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Health risks of second-hand smoke

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Second-hand smoke, sometimes referred to as passive smoking, means breathing in other people’s tobacco smoke.

Second-hand smoke is a major source of indoor pollution and there is now clear evidence that environmental tobacco smoke damages the health of non-smokers. 

Immediate effects of exposure to second-hand smoke for non-smokers can include:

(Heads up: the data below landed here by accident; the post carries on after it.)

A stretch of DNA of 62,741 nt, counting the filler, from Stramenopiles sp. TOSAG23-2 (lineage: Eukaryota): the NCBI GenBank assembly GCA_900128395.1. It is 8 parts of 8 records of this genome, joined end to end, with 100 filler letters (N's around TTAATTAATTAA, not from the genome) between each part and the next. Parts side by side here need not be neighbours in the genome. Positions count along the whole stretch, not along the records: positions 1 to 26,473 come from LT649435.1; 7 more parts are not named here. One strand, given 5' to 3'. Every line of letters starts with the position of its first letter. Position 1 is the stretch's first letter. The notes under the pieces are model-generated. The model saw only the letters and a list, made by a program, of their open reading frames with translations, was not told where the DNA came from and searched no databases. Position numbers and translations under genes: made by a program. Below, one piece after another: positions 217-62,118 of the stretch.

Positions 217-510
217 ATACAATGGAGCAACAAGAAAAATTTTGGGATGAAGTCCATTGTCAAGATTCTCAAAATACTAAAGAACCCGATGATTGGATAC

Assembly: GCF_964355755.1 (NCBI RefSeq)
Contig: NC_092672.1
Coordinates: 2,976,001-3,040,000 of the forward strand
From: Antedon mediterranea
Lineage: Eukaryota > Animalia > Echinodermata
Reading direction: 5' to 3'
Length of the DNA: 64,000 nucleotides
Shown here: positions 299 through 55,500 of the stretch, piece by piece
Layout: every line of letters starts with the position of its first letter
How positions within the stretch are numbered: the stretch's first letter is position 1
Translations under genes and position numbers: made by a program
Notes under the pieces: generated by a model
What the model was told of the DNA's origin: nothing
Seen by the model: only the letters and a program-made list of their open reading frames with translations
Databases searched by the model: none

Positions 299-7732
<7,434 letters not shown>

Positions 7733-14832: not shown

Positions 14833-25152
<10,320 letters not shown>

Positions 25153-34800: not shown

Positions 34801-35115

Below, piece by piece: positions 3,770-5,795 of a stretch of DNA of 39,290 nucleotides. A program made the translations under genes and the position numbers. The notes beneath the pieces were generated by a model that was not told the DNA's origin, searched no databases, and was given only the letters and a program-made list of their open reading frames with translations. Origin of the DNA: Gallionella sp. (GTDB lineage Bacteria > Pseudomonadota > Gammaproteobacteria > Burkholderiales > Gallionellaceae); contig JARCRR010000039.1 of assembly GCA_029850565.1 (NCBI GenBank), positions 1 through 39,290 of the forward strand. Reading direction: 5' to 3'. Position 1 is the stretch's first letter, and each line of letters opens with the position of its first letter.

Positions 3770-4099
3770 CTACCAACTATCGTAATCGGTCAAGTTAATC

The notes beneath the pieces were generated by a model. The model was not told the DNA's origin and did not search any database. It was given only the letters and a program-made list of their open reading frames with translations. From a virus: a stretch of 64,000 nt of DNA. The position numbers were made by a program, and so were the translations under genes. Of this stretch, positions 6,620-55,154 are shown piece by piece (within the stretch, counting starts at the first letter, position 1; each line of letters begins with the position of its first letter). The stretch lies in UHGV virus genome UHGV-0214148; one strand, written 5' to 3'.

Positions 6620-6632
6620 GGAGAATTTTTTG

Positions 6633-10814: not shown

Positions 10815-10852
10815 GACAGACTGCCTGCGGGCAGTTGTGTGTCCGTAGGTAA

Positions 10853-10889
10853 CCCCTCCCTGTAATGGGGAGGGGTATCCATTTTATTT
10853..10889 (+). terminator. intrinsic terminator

• eye irritation
  • headache and
  • respiratory symptoms.

Adults with asthma can experience a significant decline in lung function.

Long term exposure to second-hand (passive) smoke causes lung cancer, heart disease and respiratory illness among adult non-smokers. It is a cause of respiratory disease, cot death, middle ear infection and asthmatic attacks in children.

A review carried out in 2004 by the UK Government-appointed Scientific Committee on Tobacco and Health (SCOTH) estimated that non-smoking adults exposed to second-hand smoke were 24 per cent more likely to develop lung cancer and 25 per cent more at risk of heart disease.

The Committee concluded that second-hand smoke is a serious public health risk.